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In the area near Santa Elena, there are more ancient Maya sites than you can visit in a day. And cast your net a little further, and you’ll be exploring for weeks!

Perhaps the closest Maya site is also one of the most astounding: Uxmal. The stone buildings of Uxmal spread out beyond a lovely visitor’s center at the entrance, starting with the amazing pyramid, The Pyramid of the Magician. This amazing stone structure is a pyramid with rounded edges, five levels and many secrets. You cannot climb the pyramid anymore, but do spend time walking around it and seeing the sculpted stones that grace the entrances and stairs. The Nunnery Quadrangle is just beyond, a vast interior courtyard surrounded by low, columned buildings and decorated with sculpted snakes and other depictions of Maya deities. The grounds of Uxmal continue and you can walk for hours exploring the Governor’s Palace, the ballcourt, the Turtle Palace and more.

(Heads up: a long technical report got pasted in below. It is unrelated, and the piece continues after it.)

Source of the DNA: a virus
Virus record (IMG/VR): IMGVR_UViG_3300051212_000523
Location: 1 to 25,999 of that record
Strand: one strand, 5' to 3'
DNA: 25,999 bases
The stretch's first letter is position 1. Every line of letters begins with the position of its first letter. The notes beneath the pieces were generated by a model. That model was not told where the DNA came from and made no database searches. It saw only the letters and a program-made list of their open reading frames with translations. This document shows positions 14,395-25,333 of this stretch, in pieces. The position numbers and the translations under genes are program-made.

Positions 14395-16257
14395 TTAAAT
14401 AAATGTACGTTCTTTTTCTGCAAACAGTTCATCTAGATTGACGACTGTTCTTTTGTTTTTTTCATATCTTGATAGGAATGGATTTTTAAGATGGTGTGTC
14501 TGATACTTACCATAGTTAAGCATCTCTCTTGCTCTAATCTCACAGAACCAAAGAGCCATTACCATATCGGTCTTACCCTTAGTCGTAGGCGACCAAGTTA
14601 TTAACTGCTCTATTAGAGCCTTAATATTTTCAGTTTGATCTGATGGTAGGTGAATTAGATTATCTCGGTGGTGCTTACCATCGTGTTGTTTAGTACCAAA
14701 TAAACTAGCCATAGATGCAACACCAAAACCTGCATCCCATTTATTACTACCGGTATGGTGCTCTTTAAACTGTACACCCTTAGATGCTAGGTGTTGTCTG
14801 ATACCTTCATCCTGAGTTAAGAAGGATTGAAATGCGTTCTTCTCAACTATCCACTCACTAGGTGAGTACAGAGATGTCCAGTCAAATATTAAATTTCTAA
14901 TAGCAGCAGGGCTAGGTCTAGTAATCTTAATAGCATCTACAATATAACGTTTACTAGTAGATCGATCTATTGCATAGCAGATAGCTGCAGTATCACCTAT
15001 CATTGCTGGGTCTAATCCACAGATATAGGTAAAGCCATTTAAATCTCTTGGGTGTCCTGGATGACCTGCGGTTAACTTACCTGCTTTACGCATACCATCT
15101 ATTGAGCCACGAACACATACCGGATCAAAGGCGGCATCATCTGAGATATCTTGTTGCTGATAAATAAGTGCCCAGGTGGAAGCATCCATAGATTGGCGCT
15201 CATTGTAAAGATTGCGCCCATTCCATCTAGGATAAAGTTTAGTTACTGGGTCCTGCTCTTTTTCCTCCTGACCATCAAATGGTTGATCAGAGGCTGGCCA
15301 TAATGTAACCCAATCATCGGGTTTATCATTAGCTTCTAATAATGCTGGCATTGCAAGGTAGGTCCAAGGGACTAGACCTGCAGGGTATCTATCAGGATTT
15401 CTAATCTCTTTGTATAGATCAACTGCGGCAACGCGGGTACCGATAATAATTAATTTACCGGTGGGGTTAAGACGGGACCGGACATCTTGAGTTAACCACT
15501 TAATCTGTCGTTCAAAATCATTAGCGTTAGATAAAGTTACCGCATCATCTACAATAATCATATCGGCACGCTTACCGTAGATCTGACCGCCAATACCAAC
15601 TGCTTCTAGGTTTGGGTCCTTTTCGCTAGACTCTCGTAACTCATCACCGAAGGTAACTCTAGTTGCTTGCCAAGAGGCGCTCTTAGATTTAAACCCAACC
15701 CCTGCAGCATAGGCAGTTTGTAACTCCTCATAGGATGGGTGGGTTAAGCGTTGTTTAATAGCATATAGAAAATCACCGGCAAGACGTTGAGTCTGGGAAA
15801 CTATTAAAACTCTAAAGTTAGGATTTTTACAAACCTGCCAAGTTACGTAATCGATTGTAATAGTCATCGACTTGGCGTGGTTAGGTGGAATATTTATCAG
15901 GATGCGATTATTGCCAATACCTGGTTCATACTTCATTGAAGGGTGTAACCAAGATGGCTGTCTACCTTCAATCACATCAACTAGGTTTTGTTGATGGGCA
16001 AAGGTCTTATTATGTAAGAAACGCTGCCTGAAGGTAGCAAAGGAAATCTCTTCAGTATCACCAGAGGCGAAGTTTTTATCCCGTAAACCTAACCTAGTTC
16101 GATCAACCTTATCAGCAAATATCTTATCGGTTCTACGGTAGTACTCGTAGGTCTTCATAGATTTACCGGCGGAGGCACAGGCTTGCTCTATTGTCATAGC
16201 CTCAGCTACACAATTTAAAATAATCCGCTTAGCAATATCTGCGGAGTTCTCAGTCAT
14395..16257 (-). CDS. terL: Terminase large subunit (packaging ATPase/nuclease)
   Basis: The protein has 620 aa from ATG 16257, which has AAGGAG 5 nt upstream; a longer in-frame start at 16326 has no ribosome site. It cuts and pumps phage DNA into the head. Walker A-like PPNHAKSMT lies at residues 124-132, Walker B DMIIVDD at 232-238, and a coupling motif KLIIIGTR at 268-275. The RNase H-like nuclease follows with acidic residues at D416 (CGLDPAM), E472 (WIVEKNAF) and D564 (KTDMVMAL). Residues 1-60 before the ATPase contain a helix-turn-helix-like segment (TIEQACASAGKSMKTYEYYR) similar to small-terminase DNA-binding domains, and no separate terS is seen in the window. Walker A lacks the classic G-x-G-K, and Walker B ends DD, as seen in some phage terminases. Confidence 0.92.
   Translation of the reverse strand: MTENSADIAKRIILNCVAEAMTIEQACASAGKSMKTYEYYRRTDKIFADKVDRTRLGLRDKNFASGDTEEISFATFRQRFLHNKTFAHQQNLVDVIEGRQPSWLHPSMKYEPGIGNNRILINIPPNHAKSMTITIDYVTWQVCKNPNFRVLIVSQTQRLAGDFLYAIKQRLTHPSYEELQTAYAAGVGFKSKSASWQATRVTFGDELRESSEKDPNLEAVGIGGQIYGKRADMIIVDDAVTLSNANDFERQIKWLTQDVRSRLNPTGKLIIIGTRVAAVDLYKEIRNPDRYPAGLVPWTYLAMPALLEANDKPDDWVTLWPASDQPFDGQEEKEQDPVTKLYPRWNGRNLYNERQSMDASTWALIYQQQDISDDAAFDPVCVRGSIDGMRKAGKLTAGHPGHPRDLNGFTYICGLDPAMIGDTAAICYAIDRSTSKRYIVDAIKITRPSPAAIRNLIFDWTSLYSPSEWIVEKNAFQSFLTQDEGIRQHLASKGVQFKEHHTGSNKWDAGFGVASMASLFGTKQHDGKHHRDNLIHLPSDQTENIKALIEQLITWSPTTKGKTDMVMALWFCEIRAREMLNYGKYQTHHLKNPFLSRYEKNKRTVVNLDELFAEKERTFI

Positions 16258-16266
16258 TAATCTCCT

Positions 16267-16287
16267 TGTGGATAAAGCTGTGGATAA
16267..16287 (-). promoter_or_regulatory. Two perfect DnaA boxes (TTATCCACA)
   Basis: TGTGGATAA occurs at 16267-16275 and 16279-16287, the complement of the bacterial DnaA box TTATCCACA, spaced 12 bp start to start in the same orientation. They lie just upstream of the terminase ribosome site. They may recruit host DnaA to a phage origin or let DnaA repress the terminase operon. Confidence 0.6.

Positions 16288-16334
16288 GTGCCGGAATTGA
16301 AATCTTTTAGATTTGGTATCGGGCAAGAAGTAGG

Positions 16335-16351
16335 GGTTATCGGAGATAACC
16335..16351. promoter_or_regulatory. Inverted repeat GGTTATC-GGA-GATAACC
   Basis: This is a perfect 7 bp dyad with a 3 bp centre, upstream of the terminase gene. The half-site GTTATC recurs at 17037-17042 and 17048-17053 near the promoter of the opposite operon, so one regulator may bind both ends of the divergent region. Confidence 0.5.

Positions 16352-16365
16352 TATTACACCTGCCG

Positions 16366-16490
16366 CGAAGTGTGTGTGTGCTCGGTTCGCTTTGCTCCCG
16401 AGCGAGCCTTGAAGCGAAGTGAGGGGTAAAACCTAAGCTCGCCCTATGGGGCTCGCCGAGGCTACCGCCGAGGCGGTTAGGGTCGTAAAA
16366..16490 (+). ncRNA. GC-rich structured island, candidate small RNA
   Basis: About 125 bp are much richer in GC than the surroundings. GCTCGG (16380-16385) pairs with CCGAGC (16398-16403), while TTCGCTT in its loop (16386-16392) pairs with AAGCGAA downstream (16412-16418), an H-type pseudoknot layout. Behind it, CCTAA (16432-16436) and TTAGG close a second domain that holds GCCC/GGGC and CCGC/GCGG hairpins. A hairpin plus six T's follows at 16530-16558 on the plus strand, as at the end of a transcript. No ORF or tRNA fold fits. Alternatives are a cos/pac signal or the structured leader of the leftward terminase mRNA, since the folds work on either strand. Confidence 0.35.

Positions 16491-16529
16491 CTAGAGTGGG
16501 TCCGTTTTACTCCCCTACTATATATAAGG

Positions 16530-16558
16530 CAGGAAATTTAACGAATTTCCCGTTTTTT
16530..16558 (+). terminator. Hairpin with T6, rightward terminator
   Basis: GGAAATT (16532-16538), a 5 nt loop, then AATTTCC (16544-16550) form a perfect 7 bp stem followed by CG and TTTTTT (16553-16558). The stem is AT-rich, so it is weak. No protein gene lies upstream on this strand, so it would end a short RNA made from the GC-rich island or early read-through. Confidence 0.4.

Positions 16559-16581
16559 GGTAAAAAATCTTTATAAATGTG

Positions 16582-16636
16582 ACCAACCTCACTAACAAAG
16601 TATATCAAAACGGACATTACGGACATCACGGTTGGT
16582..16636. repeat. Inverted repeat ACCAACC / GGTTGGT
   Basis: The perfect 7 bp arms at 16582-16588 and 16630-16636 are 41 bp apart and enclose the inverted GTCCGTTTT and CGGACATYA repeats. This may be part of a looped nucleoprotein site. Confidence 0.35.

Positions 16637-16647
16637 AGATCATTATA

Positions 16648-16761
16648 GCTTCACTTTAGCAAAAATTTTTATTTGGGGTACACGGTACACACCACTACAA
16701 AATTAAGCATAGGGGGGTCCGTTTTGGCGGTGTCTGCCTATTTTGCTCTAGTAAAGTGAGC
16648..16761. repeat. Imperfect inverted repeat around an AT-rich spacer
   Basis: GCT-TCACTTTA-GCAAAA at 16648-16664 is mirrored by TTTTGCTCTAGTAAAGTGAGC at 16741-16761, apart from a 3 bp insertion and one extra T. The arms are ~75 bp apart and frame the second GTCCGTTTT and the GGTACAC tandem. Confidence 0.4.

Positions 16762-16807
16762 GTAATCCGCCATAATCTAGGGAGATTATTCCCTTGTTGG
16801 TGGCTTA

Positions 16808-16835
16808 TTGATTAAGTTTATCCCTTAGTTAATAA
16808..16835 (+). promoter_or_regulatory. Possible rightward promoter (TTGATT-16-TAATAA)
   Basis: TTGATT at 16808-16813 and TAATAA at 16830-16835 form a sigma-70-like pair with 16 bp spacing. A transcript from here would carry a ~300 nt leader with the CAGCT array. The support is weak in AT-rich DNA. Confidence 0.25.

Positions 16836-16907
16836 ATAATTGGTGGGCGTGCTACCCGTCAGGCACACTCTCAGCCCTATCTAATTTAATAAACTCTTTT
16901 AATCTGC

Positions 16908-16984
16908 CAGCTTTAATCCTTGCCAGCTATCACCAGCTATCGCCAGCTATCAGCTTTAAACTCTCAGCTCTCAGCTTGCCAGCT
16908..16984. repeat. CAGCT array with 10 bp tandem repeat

Just down the road from Uxmal are a trio of Maya sites: Labna, Kabah and Sayil. All amazing sites in their own right, Kabah is actually the second largest ruin in the Puuc region after Uxmal. At Kabah you’ll find the Palace of the Masks, where hundreds of stone masks of the rain god Chaac cover the façade. Sayil features the two-terraced Great Palace and the El Mirador temple, among others, all laid out along a sacbe, or white road. But our favorite of the three has got to be Labna, where stone buildings of various sizes are gathered in a beautiful park-like setting. Labna’s beautiful Gateway Arch looks today as magical as it did when Frederick Catherwood first drew it in 1842.

Another nearby site, in the opposite direction down the road, is Oxkintok, where stone ruins include a fascinating small spiral structure and many as-yet-unrecovered pyramids hidden under grassy knolls.